I started to sew when I was about nine years old. I learned from my grandmother and mother, and from the Elders who taught at my school. My mother raised us very well. She worked hard and taught us many skills, including sewing. My mother used to do a lot of artwork and drawing for people. My grandma tanned hides and we would watch her often. I learned so much from both of them.
When I moved to Yellowknife, I continued sewing for my family. I do beading and embroidery and love to work with sealskin. I do my own drawings and designs and I put them together. I particularly like to make purses and vests with sequins. I have been tanning hides for a long time, and now my husband is helping me. I draw a lot of uppers for other artists when they ask. It’s nice to help each!
When I sew, there is nothing for me to worry about. It is such a good way to release stress, especially when I’m in the bush. I will take my sewing with me wherever I go. When I’m travelling, my husband will be driving and I’ll be sewing beside him, even though it is challenging in a moving vehicle. Honestly, if I don’t sew for two days, I will cry! It’s my life and it keeps me going.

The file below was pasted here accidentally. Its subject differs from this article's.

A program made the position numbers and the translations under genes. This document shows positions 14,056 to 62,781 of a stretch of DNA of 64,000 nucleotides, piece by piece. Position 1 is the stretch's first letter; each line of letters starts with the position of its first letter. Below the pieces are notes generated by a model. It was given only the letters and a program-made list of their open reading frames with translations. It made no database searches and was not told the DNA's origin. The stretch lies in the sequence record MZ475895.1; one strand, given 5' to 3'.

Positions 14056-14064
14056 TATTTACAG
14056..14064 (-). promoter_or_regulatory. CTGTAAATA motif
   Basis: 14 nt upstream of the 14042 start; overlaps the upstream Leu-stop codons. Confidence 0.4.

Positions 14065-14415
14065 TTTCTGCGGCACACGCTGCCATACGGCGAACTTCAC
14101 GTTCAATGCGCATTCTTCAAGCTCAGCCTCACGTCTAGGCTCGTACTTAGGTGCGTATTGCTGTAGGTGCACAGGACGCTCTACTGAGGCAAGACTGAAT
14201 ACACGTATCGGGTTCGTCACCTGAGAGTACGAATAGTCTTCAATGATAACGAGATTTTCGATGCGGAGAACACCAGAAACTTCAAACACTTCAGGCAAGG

I am teaching my kids how to sew for themselves. My daughters can make mukluks, purses, earrings, fur mitts and other items. I love to work with kids in school programs because they all really want to learn. I encourage the use of the Tlicho when I sew, because a lot of youth don’t speak the language nowadays. I think it is essential for schools to ensure the kids can learn traditional skills. I once visited a school in Yellowknife and I saw a group of small kids tanning a hide. They were from all cultural backgrounds and that was very touching to witness: I was so happy to see them, taking turns and sharing an important part of my culture.